Why did I get a virus?!

For crying out loud… How did this happen? You’re just surfing along, minding your own business and BAM – some bogus-looking thing pops up claiming you have 300 infected files and you need to pay $70 to get your computer cleaned. Or, like my elderly neighbor over the past weekend, you get a scary full-screen warning informing you that you’ll be prosecuted for copyright infringement. Here’s what that looked like…

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My neighbor actually called the state police and the FBI about that one! So how did this happen, you ask? You have antivirus software – why didn’t it work? Well… antivirus software is good, but it’s no longer good enough. I’ll do my best to describe the process in layman’s terms.

“Malware” (malicious software) is a term that’s synonymous with the term “Virus”. There’s really no difference. The point of malware is for the bad guys to get their malicious software installed on your computer. It’s usually a scam to separate you from your money, but it can also include tools to steal your passwords and other sensitive information. The perpetrators are typically in Eastern Europe, though they could be anywhere.

So how does this happen? In nearly every case, the path to infection is through unpatched software on your computer. Software is notoriously buggy, and the bad guys are good at finding those bugs and leveraging them in order to grant themselves the right to install malicious software on your computer. For this reason it’s very important to keep your software patched (or updated). The most common “gateways” to your computer are programs that interact with your web browser such as Java, Adobe Flash Player, and Adobe Acrobat. Because these programs (and others like them) include browser plugins, the infection generally gets in when you merely visit an infected website. The site will have a few obscure lines of code that take advantage of the unpatched software and begin the malicious stuff. Your antivirus software literally sits there and watches it happen. If you’re lucky, it’ll tell you you’ve been infected – after the fact.

So how do you prevent this? First and foremost, always be sure to install patches when the respective vendors indicate they’re available. Adobe Acrobat can be configured to do this automatically. Flash Player now defaults this way as well. Java warns you, but nobody clicks that little orange coffee cup in the system tray (down by the clock) and does their updates. Frankly, if you are not specifically relying on Java you should just uninstall it (along with every other version of Java listed in “Add and Remove Programs” or “Programs and Features”). It’s just a matter of time before the current “safe” version (Release 7, Update 11 as of this writing) is found to have another fatal flaw. Do yourself a favor and get rid of it. You can always put it back later if you need it. Microsoft also prompts for updates to its software. The regularly scheduled patch day is every second Tuesday of the month (“Patch Tuesday”). Every now and then Microsoft releases an “out of band” patch for something critical that’s actively being exploited and can’t wait until next patch Tuesday. As a matter of fact, they did exactly that earlier this week. Thankfully, Microsoft has gotten pretty good at defaulting your computer to install the patches and reboot automatically. This is good, but if you shut down or use the “Sleep” or “Suspend” feature every day, chances are you’re behind on your patches. Stop reading this and do your patches now!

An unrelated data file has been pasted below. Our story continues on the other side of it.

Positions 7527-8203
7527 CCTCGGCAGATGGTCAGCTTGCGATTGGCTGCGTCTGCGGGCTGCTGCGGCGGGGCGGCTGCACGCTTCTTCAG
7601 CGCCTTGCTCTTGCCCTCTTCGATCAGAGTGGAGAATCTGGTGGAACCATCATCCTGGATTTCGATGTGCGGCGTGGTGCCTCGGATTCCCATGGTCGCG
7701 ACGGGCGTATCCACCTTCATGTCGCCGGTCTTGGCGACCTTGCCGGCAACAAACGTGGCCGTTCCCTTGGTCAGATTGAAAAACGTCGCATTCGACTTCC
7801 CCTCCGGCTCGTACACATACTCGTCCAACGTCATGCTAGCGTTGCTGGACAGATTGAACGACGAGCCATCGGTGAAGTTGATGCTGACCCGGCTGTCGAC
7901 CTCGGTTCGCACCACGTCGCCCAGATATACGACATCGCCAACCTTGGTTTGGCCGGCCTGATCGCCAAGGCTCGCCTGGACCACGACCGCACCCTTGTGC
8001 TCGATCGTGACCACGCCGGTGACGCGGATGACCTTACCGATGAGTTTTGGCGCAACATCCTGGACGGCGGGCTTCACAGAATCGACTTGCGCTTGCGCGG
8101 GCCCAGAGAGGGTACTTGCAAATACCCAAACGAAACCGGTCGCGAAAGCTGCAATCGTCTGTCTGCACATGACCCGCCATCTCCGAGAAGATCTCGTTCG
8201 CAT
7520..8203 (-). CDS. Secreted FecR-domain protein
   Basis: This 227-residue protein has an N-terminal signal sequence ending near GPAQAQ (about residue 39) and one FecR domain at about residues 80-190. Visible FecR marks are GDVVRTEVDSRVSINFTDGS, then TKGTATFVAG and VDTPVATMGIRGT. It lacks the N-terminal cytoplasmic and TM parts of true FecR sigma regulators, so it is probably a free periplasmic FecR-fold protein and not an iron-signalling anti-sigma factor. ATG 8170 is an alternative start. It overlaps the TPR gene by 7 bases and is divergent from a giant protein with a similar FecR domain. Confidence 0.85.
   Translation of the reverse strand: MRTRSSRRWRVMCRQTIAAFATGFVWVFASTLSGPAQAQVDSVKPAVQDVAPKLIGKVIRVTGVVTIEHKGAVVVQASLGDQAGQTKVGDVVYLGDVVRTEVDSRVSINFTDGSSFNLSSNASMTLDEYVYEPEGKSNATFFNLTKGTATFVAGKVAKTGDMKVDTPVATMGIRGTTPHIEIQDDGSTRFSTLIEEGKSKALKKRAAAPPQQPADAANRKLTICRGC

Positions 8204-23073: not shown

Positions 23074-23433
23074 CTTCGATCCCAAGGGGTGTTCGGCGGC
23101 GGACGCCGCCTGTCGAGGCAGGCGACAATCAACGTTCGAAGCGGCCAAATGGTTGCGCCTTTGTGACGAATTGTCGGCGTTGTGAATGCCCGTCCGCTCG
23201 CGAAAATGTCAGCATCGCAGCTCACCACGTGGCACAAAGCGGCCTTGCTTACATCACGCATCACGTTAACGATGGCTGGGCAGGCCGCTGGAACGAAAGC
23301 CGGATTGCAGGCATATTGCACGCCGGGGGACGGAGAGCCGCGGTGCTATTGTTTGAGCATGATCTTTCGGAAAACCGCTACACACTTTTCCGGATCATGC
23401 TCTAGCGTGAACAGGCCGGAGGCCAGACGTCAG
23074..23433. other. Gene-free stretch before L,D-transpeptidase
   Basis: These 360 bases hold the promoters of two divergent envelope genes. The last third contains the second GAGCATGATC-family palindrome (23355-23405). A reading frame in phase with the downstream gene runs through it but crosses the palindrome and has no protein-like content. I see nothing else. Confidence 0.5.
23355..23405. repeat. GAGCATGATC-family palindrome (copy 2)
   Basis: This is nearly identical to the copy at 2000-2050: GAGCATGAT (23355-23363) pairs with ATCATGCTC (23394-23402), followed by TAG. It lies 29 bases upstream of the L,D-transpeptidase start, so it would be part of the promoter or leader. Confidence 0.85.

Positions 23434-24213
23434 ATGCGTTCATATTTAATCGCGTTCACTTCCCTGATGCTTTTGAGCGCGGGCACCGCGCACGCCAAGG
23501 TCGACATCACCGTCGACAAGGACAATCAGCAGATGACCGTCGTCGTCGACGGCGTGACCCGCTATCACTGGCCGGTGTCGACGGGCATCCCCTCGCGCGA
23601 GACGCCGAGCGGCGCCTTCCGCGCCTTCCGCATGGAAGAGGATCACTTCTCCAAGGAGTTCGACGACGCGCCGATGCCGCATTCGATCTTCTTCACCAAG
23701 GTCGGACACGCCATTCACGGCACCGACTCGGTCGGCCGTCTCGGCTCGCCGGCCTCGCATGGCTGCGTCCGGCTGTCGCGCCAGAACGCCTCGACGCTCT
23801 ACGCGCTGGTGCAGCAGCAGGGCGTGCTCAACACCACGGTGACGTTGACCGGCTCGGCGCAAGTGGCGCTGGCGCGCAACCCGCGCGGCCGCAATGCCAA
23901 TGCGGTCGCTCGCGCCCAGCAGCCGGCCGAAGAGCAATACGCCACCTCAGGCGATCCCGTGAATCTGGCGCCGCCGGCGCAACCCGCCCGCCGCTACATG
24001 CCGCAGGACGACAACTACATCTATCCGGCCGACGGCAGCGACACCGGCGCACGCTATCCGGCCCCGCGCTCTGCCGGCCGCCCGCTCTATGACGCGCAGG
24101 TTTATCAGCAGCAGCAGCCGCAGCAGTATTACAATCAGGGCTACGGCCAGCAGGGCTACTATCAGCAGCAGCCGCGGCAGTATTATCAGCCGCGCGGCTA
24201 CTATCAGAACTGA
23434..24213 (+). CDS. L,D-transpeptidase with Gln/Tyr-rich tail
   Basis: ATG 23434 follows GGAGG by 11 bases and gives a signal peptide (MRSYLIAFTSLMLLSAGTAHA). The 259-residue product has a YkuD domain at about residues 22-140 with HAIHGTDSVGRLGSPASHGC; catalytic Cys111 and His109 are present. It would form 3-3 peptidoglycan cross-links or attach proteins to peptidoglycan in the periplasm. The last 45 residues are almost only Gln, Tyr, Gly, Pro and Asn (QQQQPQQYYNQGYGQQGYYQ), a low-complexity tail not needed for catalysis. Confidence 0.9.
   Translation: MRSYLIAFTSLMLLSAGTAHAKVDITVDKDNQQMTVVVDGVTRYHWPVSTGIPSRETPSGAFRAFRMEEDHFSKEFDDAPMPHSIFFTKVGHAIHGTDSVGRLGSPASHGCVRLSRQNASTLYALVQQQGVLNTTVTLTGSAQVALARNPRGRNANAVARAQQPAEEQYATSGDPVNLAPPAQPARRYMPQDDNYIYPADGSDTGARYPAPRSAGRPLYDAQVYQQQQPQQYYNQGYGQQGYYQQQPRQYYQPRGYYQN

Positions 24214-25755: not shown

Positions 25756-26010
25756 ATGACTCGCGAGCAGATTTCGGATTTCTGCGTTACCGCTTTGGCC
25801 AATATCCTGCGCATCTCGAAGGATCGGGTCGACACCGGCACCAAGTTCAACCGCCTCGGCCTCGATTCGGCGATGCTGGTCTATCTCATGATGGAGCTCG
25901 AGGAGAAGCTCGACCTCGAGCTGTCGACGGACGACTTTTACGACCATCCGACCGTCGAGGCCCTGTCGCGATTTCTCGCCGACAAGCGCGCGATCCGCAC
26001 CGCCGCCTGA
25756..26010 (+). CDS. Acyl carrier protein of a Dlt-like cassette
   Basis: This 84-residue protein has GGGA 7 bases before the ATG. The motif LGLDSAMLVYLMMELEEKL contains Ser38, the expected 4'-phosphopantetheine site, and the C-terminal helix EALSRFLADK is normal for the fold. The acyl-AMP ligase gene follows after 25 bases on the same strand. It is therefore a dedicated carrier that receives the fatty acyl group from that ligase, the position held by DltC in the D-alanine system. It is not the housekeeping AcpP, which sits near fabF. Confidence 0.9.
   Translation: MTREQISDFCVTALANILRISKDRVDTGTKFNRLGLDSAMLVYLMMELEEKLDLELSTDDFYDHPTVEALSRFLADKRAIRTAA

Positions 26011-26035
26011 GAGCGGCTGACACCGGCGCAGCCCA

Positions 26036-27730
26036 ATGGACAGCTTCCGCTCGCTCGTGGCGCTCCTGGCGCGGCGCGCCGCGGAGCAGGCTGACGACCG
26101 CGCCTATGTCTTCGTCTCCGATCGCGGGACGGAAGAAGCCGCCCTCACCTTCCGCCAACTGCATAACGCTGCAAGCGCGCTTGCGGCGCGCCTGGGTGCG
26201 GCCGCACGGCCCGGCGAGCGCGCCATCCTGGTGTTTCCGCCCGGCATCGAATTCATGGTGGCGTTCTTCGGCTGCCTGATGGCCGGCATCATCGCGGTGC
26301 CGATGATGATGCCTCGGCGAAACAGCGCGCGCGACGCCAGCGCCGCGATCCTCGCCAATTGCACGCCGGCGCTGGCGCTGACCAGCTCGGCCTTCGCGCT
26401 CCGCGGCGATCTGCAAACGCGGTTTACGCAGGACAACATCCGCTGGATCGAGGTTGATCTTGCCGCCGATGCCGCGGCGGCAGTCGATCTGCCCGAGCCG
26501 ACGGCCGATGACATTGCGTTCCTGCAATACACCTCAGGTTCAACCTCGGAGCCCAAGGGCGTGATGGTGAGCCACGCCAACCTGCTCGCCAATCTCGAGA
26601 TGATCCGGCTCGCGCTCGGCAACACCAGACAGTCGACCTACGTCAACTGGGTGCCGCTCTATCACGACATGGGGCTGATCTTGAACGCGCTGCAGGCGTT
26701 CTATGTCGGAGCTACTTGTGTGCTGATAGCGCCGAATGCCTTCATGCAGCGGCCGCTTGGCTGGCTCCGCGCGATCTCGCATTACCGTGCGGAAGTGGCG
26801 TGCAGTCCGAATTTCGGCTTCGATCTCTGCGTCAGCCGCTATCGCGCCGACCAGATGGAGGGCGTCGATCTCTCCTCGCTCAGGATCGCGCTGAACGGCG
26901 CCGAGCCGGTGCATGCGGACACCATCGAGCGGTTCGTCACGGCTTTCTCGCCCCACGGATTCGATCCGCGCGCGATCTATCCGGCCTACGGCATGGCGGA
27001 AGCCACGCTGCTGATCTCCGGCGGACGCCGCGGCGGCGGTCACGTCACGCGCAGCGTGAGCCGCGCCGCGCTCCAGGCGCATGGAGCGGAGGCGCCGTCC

In any case, you need to be careful about how you get tricked into visiting the infected websites in the first place. The primary mechanism is an email that appears to come from FedEx, Amazon, your bank, or the like. The email looks very real, but hover your mouse over the links in the email and you’ll probably see some very bizarre-looking URL’s. Google searches are another good source – especially about current events. Lindsay Lohan’s latest exploits are profoundly interesting and the bad guys know this. They’ll create infected Lindsay Lohan websites hoping you’ll find them as you seek to increase your knowledge on the latest societal trends. Facebook is also a great breeding ground for links to infected sites.

A disturbing trend is the dreaded “zero-day” exploit.